We stretch every other part of our bodies, but we often forget one of the most important: our feet! Stretching can help keep your feet fit. Don't forget that many conditions in other parts of your body, like back pain, leg pain, and neck pain, can be traced to pain in your feet. Everything is attached, so when you have pain in your leg, your foot doesn't want to move either.

Here are some simple stretches you can do to help keep your feet flexible and fit:

  • Lunges. From a standing position, with your feet together and toes pointing forward, lunge forward with your right foot. Keep your knees bent and your chest up as you lunge. Be sure your right heel strikes the floor before the rest of the foot. And be sure that you keep your right knee aligned above your right ankle; do not bend your right knee so far that it extends forward beyond the ankle. Return to the normal standing position. Repeat 11 more times, then lunge 12 times with the left foot. To increase the intensity of this stretch, do lunges onto a small platform or step.
  • Tendon Stretch. Stand with both foot on a step or phone book, with your heels extending beyond the edge of the step. You may want to hold onto something to keep your balance as you shift your weight toward your heels and gently stretch the muscles and tendons in the back of your lower leg.
  • Towel Lift. Sit on the floor with your legs extended in front of you. Bend your left knee and put your left foot flat on the floor. Place a towel around your right ankle. Grasping the ends of the towel, use it to pull your right leg up. Keep your right leg straight and keep your buttocks on the floor as you do so. Hold the stretch for several seconds, then lower your leg to the floor. Repeat with the left leg.
  • "V" Stretch. Sit on the floor and place your legs out in front of you in a "v" shape. Turn your torso to the right and place your hands on the floor- one hand on either side of your right thigh. Roll your left hip and your left toes inward, so that the inside of your left foot is rest on the floor and the toes of your left foot are pointing toward your right leg. You should feel a stretch in the inner side of your left thigh. Release the stretch, then repeat the exercise in the opposite direction, with your hands next to your left thigh and your torso turned to the left.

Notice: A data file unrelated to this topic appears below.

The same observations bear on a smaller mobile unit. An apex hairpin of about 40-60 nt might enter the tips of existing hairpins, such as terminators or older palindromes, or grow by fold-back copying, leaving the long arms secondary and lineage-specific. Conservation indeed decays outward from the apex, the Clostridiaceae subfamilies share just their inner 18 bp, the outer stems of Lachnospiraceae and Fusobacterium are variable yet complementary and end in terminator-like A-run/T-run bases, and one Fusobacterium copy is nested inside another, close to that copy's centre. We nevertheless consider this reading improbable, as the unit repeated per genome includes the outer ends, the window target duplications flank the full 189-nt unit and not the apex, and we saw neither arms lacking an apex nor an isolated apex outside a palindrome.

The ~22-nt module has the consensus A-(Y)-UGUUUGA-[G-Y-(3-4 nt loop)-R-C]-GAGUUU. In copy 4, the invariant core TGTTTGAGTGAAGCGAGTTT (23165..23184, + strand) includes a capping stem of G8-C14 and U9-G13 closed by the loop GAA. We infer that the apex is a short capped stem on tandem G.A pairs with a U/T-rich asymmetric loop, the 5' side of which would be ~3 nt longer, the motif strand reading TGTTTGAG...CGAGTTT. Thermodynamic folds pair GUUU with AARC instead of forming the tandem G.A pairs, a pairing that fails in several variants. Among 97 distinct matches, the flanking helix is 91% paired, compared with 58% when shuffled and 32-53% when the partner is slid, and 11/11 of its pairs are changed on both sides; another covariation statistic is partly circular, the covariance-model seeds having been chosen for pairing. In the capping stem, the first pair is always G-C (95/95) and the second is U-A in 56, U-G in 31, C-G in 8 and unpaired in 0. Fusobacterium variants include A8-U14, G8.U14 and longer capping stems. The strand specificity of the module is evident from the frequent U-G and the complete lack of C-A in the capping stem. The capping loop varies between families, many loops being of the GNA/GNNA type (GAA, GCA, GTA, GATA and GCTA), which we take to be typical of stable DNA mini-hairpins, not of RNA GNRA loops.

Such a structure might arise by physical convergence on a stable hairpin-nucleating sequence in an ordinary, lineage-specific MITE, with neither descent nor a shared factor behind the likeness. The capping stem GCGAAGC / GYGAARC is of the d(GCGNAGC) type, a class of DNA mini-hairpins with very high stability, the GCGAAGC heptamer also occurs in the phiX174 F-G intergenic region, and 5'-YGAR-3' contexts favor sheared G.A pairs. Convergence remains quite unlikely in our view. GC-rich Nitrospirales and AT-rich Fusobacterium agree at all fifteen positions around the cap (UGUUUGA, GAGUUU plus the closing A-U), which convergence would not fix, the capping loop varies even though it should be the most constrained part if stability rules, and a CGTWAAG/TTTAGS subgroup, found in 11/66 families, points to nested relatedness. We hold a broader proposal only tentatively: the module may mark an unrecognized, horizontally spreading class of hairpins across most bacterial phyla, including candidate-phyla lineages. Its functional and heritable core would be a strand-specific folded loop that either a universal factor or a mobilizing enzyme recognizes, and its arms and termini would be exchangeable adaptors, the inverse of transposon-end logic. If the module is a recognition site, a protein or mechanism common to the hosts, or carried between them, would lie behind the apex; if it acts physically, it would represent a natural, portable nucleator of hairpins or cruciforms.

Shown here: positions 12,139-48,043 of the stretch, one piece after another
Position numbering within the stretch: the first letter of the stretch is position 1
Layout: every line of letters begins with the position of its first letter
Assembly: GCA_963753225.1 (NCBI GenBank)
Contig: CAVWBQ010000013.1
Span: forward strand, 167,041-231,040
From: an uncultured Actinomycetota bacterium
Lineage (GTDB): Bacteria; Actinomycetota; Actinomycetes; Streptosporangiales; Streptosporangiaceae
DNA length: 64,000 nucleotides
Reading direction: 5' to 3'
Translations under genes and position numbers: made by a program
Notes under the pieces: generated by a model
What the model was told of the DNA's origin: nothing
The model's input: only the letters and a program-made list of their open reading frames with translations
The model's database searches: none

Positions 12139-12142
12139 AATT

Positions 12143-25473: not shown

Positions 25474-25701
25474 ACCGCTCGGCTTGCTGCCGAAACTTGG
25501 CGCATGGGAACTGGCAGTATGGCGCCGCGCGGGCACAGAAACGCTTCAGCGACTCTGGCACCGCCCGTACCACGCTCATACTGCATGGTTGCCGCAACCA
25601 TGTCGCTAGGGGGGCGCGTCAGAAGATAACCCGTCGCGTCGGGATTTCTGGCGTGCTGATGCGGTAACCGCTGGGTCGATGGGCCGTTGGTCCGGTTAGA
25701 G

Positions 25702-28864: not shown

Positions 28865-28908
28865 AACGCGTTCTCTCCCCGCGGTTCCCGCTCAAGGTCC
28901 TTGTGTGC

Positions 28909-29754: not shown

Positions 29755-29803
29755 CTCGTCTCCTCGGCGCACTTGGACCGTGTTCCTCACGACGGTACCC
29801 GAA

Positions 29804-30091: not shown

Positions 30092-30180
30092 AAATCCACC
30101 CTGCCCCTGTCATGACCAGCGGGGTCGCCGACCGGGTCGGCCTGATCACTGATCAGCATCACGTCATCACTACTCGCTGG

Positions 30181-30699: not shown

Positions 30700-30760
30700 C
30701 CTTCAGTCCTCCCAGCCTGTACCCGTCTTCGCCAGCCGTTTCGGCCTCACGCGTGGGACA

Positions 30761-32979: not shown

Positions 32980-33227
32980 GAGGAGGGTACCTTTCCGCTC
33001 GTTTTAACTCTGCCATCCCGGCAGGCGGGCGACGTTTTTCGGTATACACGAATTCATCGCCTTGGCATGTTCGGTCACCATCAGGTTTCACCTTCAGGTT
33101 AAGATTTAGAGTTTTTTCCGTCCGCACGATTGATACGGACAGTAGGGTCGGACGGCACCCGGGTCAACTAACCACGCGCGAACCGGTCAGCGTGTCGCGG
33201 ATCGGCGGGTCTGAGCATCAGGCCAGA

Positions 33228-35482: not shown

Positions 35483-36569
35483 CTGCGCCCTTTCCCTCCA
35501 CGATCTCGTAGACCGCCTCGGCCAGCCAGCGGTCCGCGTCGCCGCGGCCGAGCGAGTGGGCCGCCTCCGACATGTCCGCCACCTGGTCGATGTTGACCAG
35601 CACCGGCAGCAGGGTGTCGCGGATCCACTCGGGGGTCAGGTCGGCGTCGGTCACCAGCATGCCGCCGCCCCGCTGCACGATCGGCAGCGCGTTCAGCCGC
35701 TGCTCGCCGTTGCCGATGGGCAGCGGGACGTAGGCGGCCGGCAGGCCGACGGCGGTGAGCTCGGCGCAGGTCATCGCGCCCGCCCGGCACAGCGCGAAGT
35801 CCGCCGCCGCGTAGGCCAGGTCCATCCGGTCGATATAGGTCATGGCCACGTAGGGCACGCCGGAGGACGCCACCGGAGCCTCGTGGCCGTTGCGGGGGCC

• Knee Hug. Sit on the floor with your legs out in front of you. Cross your right leg over your left, with your right knee bent. Hug your right knee to your chest. After putting your right leg back on the floor, cross your left leg over and repeat the hug.
  • Quad Stretch. Stand behind a chair with your left hand on the back of the chair to help you maintain your balance. Bend your right knee, raise your right leg behind you, and grasp the right foot with your right hand. Gently pull upward on the foot until it reaches the buttocks. Hold it there for several seconds. You should feel a stretch in the large muscle at the front of your thigh. (Do not arch your back as you do this exercise.) Place your right foot back on the floor and repeat the stretch with the left foot.
  • Crouch. Stand in front of a stable chair and hold your arms straight out in front of you (parallel to the floor). Gradually begin to sit down- but stop before your buttocks touch the chair. Your weight should be on your heels; your arms should help you maintain your balance. Stand up again slowly and repeat. Rest, then do another two sets. 
  • Towel Scrunch. Sit on a chair and place your bare feet on the floor. Pretend you have a towel under your toes; draw the towel in towards your heels by scrunching your toes. Then reverse the exercise by using your toes to push the imaginary towels out and away from the heel. Do this ten times with each foot.
  • Towel Scoop. Sit on a chair and place your bare feet on the floor. Use the outer part of your foot to scoop the imaginary towel in toward your arches. Then use the inner part of your foot to smooth the towel back out. Do this ten times with each foot. 

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Connecticut Foot Care Centers

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